We marathon runners and sports folk are fond of our fig rolls. Packed full of energy, they see us through hard training sessions and races.
Our American friends have an equivalent called Fig Newtons, named after the town of Newton, Massachusetts near the factory that first produced them.
Fig Newtons don’t seem to be on sale in Europe, at least not in the American grocery stores I checked in Paris. So, for the purposes of research, I had a packet smuggled out of the United States and delivered to me in Europe. (I’d rather not think of how my biscuit mule managed to hide the packet from security and customs.)
How do Fig Newtons compare to our fig rolls here on the Old Continent? Let’s compare – a sort of fig roll Ryder Cup, if you will.
The main difference between the two is that Fig Newtons are softer and squishier than the biscuity shell of fig rolls. I would almost say that they are slightly damp. That said, sometimes fig rolls can be a bit dry – I usually have mine with a mug of tea or coffee.
The U.S. cookie tastes sweeter, perhaps because of the corn syrup it contains. I was also a little disconcerted to see among the ingredients “sulfur dioxide (sulfites) added to preserve freshness”. Sulphur dioxide, SO2, is released by volcanic eruptions and has been used as a refrigerant and a bleach. But before we Euros get all sniffy and superior, it also occurs in wine.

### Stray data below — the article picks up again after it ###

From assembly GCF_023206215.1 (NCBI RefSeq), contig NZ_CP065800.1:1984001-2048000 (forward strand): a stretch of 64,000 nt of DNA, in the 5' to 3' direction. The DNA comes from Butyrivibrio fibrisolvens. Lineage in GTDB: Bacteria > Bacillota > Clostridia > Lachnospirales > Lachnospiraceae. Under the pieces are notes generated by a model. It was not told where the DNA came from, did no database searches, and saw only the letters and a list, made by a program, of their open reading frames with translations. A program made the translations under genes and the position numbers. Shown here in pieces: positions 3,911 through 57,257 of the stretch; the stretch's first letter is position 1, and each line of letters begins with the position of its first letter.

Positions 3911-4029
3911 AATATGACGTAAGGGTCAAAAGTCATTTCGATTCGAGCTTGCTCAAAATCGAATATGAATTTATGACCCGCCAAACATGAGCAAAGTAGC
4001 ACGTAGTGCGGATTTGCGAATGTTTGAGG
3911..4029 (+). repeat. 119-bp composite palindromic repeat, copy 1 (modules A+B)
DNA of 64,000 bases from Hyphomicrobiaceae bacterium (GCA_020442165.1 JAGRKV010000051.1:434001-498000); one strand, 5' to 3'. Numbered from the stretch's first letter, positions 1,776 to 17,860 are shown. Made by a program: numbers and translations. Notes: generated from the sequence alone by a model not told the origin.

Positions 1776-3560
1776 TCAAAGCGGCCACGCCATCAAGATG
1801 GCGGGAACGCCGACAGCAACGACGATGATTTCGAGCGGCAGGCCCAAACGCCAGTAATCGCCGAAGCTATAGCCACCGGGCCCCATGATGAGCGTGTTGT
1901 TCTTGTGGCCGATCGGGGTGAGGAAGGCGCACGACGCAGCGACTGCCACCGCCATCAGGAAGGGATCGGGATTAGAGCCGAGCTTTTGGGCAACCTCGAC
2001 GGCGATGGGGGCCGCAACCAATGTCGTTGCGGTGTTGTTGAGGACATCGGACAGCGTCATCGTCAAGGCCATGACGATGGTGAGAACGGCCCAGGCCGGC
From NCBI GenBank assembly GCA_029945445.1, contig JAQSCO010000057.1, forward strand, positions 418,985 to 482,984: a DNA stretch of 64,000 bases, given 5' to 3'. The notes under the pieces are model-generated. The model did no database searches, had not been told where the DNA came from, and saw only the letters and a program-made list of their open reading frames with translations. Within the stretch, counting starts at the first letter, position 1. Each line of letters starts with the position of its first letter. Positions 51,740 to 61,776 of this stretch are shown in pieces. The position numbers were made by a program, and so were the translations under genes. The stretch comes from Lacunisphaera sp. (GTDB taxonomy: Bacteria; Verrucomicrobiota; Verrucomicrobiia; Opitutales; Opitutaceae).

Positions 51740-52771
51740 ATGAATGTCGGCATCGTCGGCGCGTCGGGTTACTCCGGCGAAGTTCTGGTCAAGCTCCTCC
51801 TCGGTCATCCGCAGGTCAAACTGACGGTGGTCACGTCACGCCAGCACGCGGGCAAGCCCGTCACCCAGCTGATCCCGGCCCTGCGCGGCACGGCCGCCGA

So, Fig Newtons aren’t quite as sickly to the European palette as Hershey’s or other American confectionery. But could a marathon runner live on them? I found them not to be particularly filling; a half-packet of 8 fig rolls would stuff me nicely, whereas I ploughed through 12 Fig Newtons in the same insubstantial way you would eat at McDonalds.
Added to that, Newtons are now available in other flavours such as strawberry and blueberry. This shows a distinct lack of dedication and singlemindedness that wins no favours with marathon runners. And I’ve never seen Cookie Monster eat them, surely a damning indictment for a biscuit. In this fig roll v Fig Newton Ryder Cup, it’s Europe for the win.
Here’s a campy ’70s TV commercial for Fig Newtons, closer in spirit to Olivia Newton-John than to Isaac Newton. Hit it, Hal!